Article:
The history of the NFL blackballing Colin Kaeperinick has repeated itself, first as outrageous farce and second as farcical outrage:
We catapulted through those emotions quickly Thursday after Deshaun Watson tore his ACL during a routine practice: The odds-on favorite for Rookie of the Year, gone in a midweek flash? (SHOCK). Darn it. We were just learning to appreciate both his game and his potential. (GRIEF). Now Texans-Colts is Tom Savage vs. Jacoby Brissett, the NFL equivalent of watching paint dry (DEPRESSION). But maybe the Texans will (HOPE)…no, they signed Matt McGloin because he “knows the system” from his one season with Bill O’Brien at Penn State (ANGER).
The NFL is blackballing Colin Kaepernick. It is systematically preventing a highly qualified individual from pursuing his career for political reasons. It is denying fans the best possible entertainment experience, and teams that need quality quarterbacks but sign randos are not making the best possible effort to win a Super Bowl.
And they aren’t even pretending to hide it anymore.
Maybe what the NFL is doing is not technically collusion. Maybe it is. But it is a clear violation of its own goals and its relationship with its audience.
The Watson injury is not the straw that broke the camel’s back. There have been about a dozen last straws. Watson is the straw that buried all evidence of the camel’s grave.
Nope. Kaepernick didn’t even merit token workouts. Meanwhile, McGloin got snapped up in minutes after the Watson injury, as multiple sources reported. The O’Brien-Penn State connection was enough of a “football reason” for a guy who throws like a coaching assistant (I got to see a lot of him in Eagles camp in the offseason) to get an immediate job, while a player who came within a few goal-line plays of winning a Super Bowl doesn’t even merit a phone call.
From free agency through the start of training camp, there was some baseline merit to the “football reasons.” Kaepernick doesn’t fit all systems and payrolls. Sure, he was better than anyone on the Broncos, Jets or Browns rosters from the moment those rosters were set, but each team could cite logic for going in a different quarterbacking direction that was more convincing than “our owner made a lot of campaign contributions to…”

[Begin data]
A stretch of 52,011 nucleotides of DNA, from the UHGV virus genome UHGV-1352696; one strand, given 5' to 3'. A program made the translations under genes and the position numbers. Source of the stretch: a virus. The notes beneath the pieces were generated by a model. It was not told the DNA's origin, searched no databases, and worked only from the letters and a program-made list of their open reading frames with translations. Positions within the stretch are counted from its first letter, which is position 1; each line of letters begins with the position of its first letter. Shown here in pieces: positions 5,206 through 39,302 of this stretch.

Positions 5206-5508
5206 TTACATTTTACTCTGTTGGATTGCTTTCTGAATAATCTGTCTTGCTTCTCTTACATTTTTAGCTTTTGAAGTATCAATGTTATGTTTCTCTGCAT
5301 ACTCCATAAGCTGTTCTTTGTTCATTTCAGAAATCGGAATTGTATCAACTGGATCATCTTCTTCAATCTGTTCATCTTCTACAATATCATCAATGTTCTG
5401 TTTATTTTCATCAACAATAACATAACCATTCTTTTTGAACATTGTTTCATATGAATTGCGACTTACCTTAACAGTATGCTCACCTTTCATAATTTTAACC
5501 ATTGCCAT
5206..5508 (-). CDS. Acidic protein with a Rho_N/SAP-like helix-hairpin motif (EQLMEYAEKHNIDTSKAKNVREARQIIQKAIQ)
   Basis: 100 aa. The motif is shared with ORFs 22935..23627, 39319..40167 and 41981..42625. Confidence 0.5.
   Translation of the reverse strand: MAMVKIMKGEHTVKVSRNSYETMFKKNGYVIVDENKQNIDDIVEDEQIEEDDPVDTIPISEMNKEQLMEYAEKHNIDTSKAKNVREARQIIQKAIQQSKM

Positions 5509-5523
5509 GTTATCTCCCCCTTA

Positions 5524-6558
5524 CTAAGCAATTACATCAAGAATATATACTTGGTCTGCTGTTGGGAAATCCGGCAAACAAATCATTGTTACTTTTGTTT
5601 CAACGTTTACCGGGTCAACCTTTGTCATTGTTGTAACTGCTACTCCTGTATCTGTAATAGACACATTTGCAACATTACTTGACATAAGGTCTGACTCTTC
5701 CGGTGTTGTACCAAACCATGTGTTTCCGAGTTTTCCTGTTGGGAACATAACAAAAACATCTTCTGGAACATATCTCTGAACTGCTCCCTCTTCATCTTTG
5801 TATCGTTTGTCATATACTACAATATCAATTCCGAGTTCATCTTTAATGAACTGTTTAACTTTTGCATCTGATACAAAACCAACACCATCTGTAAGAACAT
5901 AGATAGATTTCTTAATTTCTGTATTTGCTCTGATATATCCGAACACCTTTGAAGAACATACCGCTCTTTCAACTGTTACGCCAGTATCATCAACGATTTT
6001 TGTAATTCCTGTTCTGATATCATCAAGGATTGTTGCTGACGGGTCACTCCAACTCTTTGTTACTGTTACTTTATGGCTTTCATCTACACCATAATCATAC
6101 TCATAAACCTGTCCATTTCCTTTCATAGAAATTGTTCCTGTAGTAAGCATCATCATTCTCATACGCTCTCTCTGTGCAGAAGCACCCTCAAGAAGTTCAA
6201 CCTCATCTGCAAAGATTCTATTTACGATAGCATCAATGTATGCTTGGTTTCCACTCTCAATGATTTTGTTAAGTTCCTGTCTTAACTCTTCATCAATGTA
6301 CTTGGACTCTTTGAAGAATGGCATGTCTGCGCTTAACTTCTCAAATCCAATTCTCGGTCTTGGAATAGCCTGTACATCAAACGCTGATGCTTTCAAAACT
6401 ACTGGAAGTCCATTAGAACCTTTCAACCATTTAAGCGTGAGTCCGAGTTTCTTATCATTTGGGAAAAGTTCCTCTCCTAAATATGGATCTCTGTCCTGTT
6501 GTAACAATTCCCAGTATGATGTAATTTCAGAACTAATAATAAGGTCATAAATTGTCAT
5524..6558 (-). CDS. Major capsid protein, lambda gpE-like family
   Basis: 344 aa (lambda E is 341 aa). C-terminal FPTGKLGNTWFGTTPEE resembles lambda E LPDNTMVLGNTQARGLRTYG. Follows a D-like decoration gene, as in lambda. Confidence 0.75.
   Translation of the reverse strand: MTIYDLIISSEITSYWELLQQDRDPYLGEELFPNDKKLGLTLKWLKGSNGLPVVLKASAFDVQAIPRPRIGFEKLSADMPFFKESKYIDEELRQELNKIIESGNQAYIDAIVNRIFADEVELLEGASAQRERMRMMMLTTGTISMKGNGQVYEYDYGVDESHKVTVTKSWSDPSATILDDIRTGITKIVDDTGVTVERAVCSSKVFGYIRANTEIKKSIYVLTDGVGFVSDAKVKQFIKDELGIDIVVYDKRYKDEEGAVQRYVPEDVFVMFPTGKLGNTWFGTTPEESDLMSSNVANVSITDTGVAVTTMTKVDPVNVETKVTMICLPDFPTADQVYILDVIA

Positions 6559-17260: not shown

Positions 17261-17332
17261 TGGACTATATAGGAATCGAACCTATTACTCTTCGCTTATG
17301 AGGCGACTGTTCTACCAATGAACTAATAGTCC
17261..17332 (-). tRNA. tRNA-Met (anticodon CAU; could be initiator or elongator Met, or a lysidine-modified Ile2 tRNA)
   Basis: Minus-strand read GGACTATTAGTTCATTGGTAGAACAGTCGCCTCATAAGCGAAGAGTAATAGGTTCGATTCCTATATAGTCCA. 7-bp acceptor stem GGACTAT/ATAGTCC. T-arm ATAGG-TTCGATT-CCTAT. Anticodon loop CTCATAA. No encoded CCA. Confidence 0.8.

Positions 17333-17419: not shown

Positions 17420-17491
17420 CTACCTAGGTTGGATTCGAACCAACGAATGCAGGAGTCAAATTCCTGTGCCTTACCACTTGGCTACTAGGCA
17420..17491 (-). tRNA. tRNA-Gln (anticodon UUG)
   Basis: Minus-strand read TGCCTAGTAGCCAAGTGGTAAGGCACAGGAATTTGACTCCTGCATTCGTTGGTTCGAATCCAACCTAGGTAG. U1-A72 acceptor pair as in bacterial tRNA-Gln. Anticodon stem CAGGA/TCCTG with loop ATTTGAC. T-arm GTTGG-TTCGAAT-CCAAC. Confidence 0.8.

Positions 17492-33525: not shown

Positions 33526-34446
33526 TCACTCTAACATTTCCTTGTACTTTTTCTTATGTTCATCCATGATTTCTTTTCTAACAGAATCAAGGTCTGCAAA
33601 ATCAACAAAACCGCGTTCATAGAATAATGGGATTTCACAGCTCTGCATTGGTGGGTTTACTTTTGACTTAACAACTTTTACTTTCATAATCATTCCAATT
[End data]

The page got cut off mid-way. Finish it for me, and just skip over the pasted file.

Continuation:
Now that quarterbacks around the league have gotten hurt or proved woefully ineffective, the football arguments are silly.
It was ridiculous to claim that the scrambling Kaepernick was not a good system fit behind the scrambling Marcus Mariota in the Titans’ option-heavy offense. It’s outrageous for the Broncos to play Quarterback Roulette with try-hards and cost-sinks while pretending there is no quarterback on the market who has led a defense-first team to a Super Bowl.
Since we’ve already dinged the Texans here, can we discuss Mr. John Elway? The Broncos defense, while not what it was in 2015, is still probably the best in the conference and one of the best in the NFL. With the Patriots fielding their worst team in years, the conference is very vulnerable. And yet Elway started the year with a QB who was 1)below average last year and 2)had a college pedigree that very strongly suggested that “below average” was much more likely to be a ceiling than a floor. He had traded to draft up to pick another QB in the first round, but all you have to know about him is that he was beaten out twice by someone who wasn’t particularly effective even in Peonage Ball. And then, for the coup-ee de grass he backs up these two dubious or worse options with Mr. Brock Osweiler, who was easily the worst QB in the league not being actively destroyed by Jeff Fisher last year — while throwing to DeAndre Hopkins and Will Fuller! — but does meet what is apparently Elway’s sole criterion of QB evaluation unless a first-ballot Hall of Famer happens to hit the free market (being a really tall white guy.) The latter will start for Denver Sunday. Heckuva job! Osweiler will totally stand up very tall for Old Glory, though.
In related news, for the first time ever I happen to be in Las Vegas for an NFL Sunday, so I’m including the Eagles in a 3-team moneyline parlay (with the Rams and Seahawks.)